mythbustering a Debian release

This is no news anymore, but in case you don't know yet: Debian 6.0 "Squeeze" has been released the past week-end. If you haven't yet downloaded Squeeze, stop reading this blog post right here and jump to:

to choose your ISO; or check the release notes for upgrade instructions from Debian 5.0 "Lenny".


I hope you are now enjoying Squeeze as much as I've enjoyed being part of its development cycle which:

  • has lasted 24 months from the Lenny release
  • has been worked on by a volunteer Project of about 900 members and thousands of other volunteer contributors
  • has closed 150'000 bugs
  • has increased user freedom by delivering a Free Linux kernel
  • has added 2 non-Linux ports (kfreefbsd 32/64 bits) to the already large family of Debian ports
  • will continue the tradition of archive-wide long term security support (lasting about 3-3.5 years given current Debian release cadence)
  • maintains, stubbornly, the tradition of a rock-solid Debian-quality system, made of packages which have been "tortured" by testing utils like piuparts, edos-debcheck, and frequent archive rebuilds (after all, what is Free Software for if you cannot recompile your programs?)
  • has added 10'000 new (binary) packages
  • has provided official backport service
  • ... etc, you got the idea :-)

I'm still shaked by the events, given the release happened in a sort of split context: the teams working on the final phases of the release (release team, ftp-masters, webmasters, cd, DSA, etc.) were "at home" hacking frantically on it, while many EU-based Debian people (including yours truly) were at FOSDEM representing Debian to the community with booth, talks, and answering the recurrent question «so, have you released yet?».

At FOSDEM, I've been personally submerged by congratulation messages that are not really for me, but rather for the Debian community at large. So: congratulations folks! People out there—be them Debian users, users of some derivative, or Free Software enthusiasts in general—seem to really love what we have achieved with Squeeze!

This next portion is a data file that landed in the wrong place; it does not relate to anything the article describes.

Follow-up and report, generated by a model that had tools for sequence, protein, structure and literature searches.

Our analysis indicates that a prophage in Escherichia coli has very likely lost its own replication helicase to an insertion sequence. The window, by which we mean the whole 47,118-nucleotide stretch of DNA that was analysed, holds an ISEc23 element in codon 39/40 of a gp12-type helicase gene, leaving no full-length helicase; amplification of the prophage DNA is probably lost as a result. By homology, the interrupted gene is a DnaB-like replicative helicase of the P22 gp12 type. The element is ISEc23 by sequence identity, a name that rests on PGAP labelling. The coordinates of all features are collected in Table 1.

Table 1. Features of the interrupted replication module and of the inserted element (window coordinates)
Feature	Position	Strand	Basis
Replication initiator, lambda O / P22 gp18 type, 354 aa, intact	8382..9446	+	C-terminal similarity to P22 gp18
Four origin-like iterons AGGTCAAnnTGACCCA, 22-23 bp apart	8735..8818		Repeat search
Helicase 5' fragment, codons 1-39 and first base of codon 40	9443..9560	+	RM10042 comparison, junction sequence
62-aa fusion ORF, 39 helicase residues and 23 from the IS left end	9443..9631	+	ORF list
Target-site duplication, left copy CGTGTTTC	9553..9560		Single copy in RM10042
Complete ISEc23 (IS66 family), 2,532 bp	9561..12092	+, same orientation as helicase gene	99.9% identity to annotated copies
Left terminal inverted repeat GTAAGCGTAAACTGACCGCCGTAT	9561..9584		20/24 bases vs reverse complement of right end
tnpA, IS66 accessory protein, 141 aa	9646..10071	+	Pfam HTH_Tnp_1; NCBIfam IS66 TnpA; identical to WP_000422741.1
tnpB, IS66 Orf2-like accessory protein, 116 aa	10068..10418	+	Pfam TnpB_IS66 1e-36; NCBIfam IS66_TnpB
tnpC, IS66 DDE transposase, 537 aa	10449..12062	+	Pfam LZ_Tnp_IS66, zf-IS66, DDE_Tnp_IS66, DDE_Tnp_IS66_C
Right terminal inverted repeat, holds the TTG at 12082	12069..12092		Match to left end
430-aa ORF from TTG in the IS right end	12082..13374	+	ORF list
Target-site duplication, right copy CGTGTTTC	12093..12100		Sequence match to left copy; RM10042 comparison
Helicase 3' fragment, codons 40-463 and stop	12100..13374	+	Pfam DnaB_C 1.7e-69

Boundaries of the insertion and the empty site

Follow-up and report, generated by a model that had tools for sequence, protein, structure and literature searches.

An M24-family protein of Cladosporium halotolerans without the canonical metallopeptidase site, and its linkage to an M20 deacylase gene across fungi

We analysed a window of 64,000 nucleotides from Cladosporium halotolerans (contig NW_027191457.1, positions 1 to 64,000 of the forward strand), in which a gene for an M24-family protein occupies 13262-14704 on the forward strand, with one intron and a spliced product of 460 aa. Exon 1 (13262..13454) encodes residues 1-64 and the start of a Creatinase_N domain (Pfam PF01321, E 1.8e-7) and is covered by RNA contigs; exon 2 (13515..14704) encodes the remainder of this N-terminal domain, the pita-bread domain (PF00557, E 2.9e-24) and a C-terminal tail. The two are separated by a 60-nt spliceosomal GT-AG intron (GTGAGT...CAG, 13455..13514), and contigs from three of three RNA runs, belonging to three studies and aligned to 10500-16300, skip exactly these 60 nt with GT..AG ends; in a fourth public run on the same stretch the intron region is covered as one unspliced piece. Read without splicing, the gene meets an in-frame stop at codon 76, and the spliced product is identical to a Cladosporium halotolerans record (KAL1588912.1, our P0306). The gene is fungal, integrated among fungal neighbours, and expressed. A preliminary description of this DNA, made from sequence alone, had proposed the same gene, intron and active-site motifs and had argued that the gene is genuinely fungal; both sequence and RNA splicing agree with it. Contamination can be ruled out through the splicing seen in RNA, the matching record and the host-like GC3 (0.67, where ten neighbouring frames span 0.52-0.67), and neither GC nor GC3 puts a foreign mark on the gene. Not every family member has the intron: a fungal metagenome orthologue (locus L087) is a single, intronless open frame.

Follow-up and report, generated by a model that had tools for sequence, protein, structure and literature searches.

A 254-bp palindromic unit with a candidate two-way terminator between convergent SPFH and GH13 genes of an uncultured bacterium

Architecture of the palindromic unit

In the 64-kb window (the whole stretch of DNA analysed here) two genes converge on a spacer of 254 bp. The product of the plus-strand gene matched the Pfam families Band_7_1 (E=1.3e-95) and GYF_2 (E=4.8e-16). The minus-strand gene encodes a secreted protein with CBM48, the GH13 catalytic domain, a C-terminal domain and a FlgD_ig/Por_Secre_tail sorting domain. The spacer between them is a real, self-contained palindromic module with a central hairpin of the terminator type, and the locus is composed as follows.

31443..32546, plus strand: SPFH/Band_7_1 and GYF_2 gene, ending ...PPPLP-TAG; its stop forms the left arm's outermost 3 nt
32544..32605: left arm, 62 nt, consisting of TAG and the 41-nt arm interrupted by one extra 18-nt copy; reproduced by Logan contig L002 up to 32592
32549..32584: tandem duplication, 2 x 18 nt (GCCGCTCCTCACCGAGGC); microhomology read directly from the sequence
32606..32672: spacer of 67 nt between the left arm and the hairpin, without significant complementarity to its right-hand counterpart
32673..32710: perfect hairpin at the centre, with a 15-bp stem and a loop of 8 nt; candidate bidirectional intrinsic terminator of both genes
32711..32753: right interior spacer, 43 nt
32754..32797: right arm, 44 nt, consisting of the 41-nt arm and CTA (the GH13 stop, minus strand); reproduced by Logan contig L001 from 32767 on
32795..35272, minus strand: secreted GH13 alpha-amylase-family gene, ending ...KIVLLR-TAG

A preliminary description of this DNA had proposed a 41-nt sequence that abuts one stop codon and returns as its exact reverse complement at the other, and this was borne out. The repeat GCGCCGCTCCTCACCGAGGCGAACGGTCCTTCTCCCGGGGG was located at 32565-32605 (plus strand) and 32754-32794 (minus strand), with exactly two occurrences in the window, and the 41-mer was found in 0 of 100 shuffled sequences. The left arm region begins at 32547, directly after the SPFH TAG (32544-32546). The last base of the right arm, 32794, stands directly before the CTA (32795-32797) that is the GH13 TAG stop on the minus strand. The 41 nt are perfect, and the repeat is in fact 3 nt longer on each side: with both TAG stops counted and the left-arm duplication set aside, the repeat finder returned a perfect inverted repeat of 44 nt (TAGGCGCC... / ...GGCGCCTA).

The people that need to be thanked for this result are way too many, so I won't try to name names. Nonetheless, I've a few personal kudos to deliver to:

  • The release team for the fantastic coordination and communication job over the past few months. They have also contributed to mythbustering #1: Debian cannot fix a release date (a bit) in advance.

  • All the people who have worked on fixing RC bugs by sending patches, reviewing and testing them, preparing NMUs, etc. I'll never give up my belief that releasing is a shared responsibility and that we cannot scale without realizing that and changing our culture accordingly. All this people have contributed to move towards mythbustering #2: NMUs are bad.

  • The publicity team which—with release live blogging via @debian, blog posts, and press releases—have contributed to mythbustering #3: Debian isn't able to communicate about the "cool" stuff they are doing.

  • The webmaster team which has done an incredible job at mythbustering #4: Debian web presence sucks.

I'm overwhelmed by happiness about all that and I'll cherish it forever as a souvenir of what a community of volunteers, driven by common ideals, can achieve.

Now let's party and then roll up our sleeves for Wheezy, which is already open for development.

PS I've talked again at FOSDEM about the relevance of Debian in the Free Software ecosystem. I've the impression the message is getting through: check out the very nice article Why Debian matters more than ever by Zonker.